VA triples spending on homelessness problem
By LEO SHANE III | STARS AND STRIPES Published: July 11, 2013
WASHINGTON — The Department of Veterans Affairs on Thursday awarded almost $300 million in grants for homeless and low-income assistance efforts, three times what the agency spent on that program last year.
The move is part of the larger governmentwide effort to end veterans homelessness in the next two years, and comes at a time when most federal programs are tightening their belts in an effort to deal with sharp reductions in funding.
The grants through the Supportive Services for Veteran Families program are designed to provide a safety net to low-income veterans struggling with permanent housing. Awards were given to 319 community agencies across all 50 states, in an effort to provide direct and flexible assistance to veterans and their families.
Vincent Kane, acting executive director of the VA’s homeless initiative, said officials pushed for big increases in the SSVF awards because of the success of past grant programs.
In its first year, officials found, 86 percent of grant beneficiaries were still in permanent housing a year later. The latest round of grants is expected to help about 120,000 veterans and their families.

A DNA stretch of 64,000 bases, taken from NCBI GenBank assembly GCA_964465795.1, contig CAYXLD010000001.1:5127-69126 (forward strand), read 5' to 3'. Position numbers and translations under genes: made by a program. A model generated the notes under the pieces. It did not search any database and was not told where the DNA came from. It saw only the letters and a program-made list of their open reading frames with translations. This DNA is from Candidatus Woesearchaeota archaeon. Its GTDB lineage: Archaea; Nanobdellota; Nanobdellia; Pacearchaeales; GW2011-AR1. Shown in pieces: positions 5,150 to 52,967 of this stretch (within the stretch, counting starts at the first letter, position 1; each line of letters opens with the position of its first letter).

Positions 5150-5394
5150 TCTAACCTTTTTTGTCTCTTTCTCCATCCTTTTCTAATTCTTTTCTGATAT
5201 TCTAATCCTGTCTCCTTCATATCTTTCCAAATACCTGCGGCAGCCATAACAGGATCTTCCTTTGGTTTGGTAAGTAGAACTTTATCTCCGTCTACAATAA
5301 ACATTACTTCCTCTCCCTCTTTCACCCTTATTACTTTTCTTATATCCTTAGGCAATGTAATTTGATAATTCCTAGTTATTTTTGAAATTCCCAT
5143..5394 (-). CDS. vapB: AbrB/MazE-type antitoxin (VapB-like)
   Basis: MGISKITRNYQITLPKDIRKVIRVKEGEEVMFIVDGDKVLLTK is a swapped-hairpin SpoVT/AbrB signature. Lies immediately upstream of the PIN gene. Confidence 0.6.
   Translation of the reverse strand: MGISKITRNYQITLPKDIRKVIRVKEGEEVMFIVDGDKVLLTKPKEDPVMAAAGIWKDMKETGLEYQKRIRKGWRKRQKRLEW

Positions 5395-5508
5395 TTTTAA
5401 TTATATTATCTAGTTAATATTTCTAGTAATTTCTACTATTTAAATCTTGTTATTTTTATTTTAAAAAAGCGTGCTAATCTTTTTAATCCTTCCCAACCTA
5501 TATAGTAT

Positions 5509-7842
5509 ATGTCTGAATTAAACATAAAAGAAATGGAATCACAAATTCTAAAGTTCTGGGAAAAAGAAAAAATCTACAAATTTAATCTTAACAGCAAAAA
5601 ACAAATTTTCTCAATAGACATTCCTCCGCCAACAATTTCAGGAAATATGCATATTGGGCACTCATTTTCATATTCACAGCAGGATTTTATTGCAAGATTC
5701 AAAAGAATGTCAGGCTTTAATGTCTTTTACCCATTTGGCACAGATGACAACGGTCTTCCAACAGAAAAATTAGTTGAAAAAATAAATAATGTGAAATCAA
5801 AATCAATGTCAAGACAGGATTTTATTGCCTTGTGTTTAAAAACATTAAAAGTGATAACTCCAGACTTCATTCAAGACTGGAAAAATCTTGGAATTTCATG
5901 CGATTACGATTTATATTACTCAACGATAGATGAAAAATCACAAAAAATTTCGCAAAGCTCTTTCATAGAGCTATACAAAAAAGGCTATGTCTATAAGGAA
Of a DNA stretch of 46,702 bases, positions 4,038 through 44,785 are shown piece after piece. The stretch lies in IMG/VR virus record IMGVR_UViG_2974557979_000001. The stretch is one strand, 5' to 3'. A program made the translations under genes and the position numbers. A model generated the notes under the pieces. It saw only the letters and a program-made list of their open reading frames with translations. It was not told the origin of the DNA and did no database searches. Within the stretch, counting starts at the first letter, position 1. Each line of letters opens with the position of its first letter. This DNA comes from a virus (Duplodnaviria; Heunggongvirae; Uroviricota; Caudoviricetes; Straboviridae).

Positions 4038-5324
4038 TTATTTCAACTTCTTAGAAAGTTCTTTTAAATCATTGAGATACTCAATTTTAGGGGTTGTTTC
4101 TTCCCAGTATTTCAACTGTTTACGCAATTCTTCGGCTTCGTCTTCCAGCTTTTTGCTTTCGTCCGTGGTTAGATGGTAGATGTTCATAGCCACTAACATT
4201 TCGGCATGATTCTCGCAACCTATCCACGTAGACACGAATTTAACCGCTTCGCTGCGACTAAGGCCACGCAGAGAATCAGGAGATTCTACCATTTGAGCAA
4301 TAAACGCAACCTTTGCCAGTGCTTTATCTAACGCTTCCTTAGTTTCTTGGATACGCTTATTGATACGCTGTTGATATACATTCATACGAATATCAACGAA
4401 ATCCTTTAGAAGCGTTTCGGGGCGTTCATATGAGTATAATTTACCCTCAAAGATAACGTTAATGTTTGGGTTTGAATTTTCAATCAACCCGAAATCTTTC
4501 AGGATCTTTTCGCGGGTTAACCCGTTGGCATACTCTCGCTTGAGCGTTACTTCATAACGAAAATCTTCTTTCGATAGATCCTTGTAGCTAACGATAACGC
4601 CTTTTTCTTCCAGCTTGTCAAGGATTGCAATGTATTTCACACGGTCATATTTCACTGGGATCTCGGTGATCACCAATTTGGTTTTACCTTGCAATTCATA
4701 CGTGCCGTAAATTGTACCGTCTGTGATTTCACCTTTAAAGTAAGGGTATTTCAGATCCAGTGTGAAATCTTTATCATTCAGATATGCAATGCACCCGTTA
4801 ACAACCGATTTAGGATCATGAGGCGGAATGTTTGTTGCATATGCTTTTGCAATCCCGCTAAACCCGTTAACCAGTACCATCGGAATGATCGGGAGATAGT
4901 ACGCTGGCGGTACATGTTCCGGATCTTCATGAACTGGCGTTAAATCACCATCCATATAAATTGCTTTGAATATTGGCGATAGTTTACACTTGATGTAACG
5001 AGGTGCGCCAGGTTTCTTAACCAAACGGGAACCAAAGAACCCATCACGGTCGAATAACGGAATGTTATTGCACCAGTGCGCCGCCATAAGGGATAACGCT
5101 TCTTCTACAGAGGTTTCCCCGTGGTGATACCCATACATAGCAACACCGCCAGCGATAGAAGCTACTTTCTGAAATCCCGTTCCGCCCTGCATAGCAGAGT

Key in the program has been financial assistance to veterans, preventing them from becoming destitute in the first place,” Kane said.
“If you want to end homelessness, you have to rescue those on the streets,” Kane said. “But you also need to have a strategy to help those who could end up in trouble, before they end up homeless.”
For that reason, Kane said even as homeless veterans numbers decrease, the department expects to keep support for the SSVF grants.
In total, the VA has pledged more than $1 billion in homelessness prevention programs this fiscal year.
According to the most recent national counts, compiled in early 2012, about 62,000 veterans are living on the streets. Figures for 2013 are expected later this summer.
A veteran sorts through donated clothes during the Department of Veterans Affairs' Annual Stand Down Against Homelessness at the Hickory Legion Fairgrounds in Hickory, N.C. in April 2012. Despite assurances that veterans benefits and services will be exempt from the budget cuts, sequestration could mean more homeless veterans, less help for those looking for work, and tens of thousands of furloughed veteran struggling to make ends meet.
Brian Christiansen/U.S. Air Force